Jody Wilson-Raybould said she’s well aware of the importance of symbolism as Canada marks its first National Day for Truth and Reconciliation.
But while the former justice minister and attorney general agreed the first statutory holiday to reflect on the painful legacy of the residential school system is “incredibly important,” she said that symbols and words alone will not be enough to push forward true reconciliation.
“It’s one thing to see flags being flown at half mast or taking a knee and, you know, recognizing the tragedies that we have across the country in terms of the history of residential schools,” Wilson-Raybould told The Current’s Matt Galloway.
“Those symbols are important. But when we speak words, speak rhetoric, or just take symbolic stances and not translate those into actions, that’s hugely problematic and the country suffers for it.”
Wilson-Raybould resigned from Prime Minister Justin Trudeau’s cabinet in 2019, saying she was pressured by senior party leaders and Trudeau himself to intervene in the criminal prosecution of SNC-Lavalin, which was facing bribery charges related to contracts in Libya.
She was removed from the Liberal caucus but retained her seat in Vancouver-Granville during the 2019 election as an Independent MP. She chose not to run in 2021.
In her new book, Wilson-Raybould describes how the early honeymoon days as part of Prime Minister Justin Trudeau’s cabinet deteriorated over time as the Prime Minister’s Office increasingly worked to control her actions and those of other cabinet ministers. (Sean Kilpatrick/Canadian Press)
Wilson-Raybould lays out the myriad details of the SNC Lavalin affair, and her experiences as a cabinet minister, in her memoir, Indian in the Cabinet: Speaking Truth to Power.
The book launched during the 2021 election, prompting Trudeau to answer questions about details it revealed while on the campaign trail.
“I did not want her to lie,” Trudeau said responding to questions about Wilson-Raybould’s accounts of two key meetings regarding SNC-Lavalin. “I would never do that. I would never ask her that. That is simply not true.”
Wilson-Raybould also wrote in her book that the RCMP were considering whether to investigate the government’s role in the affair as recently as January of this year. Trudeau said during the election campaign that he had not been personally contacted by the RCMP. (The RCMP told CBC News it did not have any updates on the matter.)
Canadians want parties to work together, says Wilson-Raybould
She noted, with a wry laugh, that she watched the election “from a very different vantage point” compared to years past.
She said she believes that the election of another Liberal minority government means Canadians told politicians to work together instead of continuing the partisan sniping and acrimony that has characterized much of recent political discourse.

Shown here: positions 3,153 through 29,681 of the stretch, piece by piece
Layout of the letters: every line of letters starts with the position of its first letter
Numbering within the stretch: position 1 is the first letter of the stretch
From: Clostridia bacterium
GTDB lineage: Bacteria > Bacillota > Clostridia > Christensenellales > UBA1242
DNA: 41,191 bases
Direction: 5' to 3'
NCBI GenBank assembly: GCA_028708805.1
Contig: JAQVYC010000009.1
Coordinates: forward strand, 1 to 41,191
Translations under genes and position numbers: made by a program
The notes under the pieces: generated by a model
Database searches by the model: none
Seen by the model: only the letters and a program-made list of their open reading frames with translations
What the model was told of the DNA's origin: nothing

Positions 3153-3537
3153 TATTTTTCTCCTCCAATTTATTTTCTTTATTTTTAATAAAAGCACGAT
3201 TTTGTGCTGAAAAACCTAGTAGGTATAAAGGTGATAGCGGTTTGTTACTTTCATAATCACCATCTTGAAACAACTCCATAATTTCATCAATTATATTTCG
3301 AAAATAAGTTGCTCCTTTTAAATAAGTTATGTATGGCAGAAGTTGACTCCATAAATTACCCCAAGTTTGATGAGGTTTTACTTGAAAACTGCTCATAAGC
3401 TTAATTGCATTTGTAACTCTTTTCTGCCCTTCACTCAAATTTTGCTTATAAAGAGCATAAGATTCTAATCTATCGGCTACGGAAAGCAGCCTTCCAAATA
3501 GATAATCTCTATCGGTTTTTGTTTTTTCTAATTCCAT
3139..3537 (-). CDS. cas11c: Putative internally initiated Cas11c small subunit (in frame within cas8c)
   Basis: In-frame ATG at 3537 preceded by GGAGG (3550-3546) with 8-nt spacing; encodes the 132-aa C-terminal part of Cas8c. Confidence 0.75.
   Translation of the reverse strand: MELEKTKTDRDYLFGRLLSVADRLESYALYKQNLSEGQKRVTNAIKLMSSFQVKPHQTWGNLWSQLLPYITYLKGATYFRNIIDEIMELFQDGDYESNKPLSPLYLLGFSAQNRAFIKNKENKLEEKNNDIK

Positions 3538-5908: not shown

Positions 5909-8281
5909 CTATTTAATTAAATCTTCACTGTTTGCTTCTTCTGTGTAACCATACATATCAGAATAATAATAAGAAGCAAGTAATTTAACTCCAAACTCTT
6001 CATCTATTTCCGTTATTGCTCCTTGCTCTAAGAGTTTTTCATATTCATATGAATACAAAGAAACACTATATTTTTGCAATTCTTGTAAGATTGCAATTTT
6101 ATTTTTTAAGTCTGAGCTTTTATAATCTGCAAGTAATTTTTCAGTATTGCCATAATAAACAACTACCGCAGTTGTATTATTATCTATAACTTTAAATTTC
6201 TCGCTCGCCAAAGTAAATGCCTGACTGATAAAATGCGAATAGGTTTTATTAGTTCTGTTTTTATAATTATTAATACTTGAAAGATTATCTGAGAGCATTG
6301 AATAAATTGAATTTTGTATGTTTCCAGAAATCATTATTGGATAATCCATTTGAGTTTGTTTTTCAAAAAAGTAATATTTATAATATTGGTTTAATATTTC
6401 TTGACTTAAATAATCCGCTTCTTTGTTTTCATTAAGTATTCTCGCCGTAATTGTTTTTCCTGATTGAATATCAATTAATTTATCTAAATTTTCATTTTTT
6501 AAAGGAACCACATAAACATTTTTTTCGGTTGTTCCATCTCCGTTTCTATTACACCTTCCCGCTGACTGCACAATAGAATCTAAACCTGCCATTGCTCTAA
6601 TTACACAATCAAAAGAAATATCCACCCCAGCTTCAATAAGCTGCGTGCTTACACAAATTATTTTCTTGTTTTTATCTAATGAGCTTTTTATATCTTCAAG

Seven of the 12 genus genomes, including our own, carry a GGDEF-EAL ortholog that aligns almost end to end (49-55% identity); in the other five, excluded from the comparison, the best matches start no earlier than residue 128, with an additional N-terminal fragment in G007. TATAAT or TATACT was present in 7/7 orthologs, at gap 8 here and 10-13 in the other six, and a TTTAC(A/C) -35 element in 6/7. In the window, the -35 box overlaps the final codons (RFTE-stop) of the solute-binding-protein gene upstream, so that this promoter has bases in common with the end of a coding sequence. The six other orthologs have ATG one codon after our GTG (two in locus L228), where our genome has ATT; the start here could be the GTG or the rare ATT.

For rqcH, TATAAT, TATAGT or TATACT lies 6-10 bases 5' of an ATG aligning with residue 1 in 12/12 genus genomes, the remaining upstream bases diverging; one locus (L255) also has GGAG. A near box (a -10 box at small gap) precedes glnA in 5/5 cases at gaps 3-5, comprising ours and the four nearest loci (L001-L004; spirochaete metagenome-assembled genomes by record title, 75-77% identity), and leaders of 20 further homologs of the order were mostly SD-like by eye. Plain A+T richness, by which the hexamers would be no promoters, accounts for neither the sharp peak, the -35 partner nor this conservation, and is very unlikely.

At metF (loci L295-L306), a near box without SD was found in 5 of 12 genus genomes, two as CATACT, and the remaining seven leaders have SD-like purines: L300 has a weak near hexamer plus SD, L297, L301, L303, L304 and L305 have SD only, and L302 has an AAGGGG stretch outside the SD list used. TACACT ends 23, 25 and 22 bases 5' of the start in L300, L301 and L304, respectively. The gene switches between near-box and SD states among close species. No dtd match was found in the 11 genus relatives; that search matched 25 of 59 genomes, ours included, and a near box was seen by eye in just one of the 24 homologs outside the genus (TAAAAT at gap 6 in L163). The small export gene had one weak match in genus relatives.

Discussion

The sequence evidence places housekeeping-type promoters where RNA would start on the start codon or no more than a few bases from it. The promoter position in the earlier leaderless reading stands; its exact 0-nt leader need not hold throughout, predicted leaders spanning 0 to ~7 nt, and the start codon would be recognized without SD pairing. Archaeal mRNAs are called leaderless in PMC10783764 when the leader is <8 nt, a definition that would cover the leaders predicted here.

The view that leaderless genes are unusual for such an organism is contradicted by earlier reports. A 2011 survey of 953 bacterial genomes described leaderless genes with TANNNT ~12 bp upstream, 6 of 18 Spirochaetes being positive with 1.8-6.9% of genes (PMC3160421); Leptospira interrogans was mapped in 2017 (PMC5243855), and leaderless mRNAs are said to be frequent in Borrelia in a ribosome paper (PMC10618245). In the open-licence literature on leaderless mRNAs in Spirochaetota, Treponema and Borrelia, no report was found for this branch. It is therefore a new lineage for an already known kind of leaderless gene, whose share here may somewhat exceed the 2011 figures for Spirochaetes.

“People might say, ‘Oh, she sounds so naive.’ But I’m OK with that label if being naive means that there’s better ways to actually engage and in these discussions and to actually believe that by working across party lines, we can actually come up with different solutions,” she said.
Wilson-Raybould said she entered Parliament in 2015 with hopes of being part of a government that could cross those divides and push forward meaningful change on Indigenous issues. Over time, she said, that began to change.
Wilson-Raybould’s book launched during the 2021 election campaign, forcing Liberal Leader Justin Trudeau to answer more questions about the SNC Lavalin affair while on the campaign trail. (HarperCollins Canada, Jonathan Hayward/Canadian Press)
She said she experienced “an increasing sense of marginalization” throughout her tenure, while watching the Liberals’ action plans for reconciliation sidelined in favour of other priorities.
That feeling of being sidelined is reflected in her memoir’s title. More than a glib reference to the children’s novel The Indian in the Cupboard, the title refers back to Wilson-Raybould’s descriptions of interactions with colleagues that she said made her feel more like a curiosity than an equal.
“I sat around a cabinet table and realized I was looked upon not as a proud Indigenous person with a different world view and opinions and expertise, but simply as an Indian,” she said.
She added that she specifically used the title to invoke the Indian Act, which she called “one of the most racist marginalizing pieces of legislation as it relates to Indigenous peoples in this country.”
Despite the frequent roadblocks she said she experienced in government, Wilson-Raybould gave credit to work that the government has accomplished recently, such as addressing ongoing boil-water advisories in some First Nations. But she said the “transformative promise” of reshaping the Canada-Indigenous relationship hasn’t been fulfilled.
“My expectation was that we had a leader and a government that was willing to do the hard work necessary to change that environment,” she said of Trudeau.
“And increasingly over … the days and years, that just simply wasn’t the case. It was more symbolism over the actual substance and action that was required.”
She said she remains hopeful for the future and doesn’t want her experiences to dissuade others who see involvement in politics as a way to drive positive change.
“It wholly remains within our power to speak up, and in speaking up, to help our system of government and our country continue to get better … both individually and collectively,” she said.
“That’s why I’ve shared what I’ve learned. And I’m going to continue to do that.”
Written by Jonathan Ore with files from CBC News. Produced by Alison Masemann.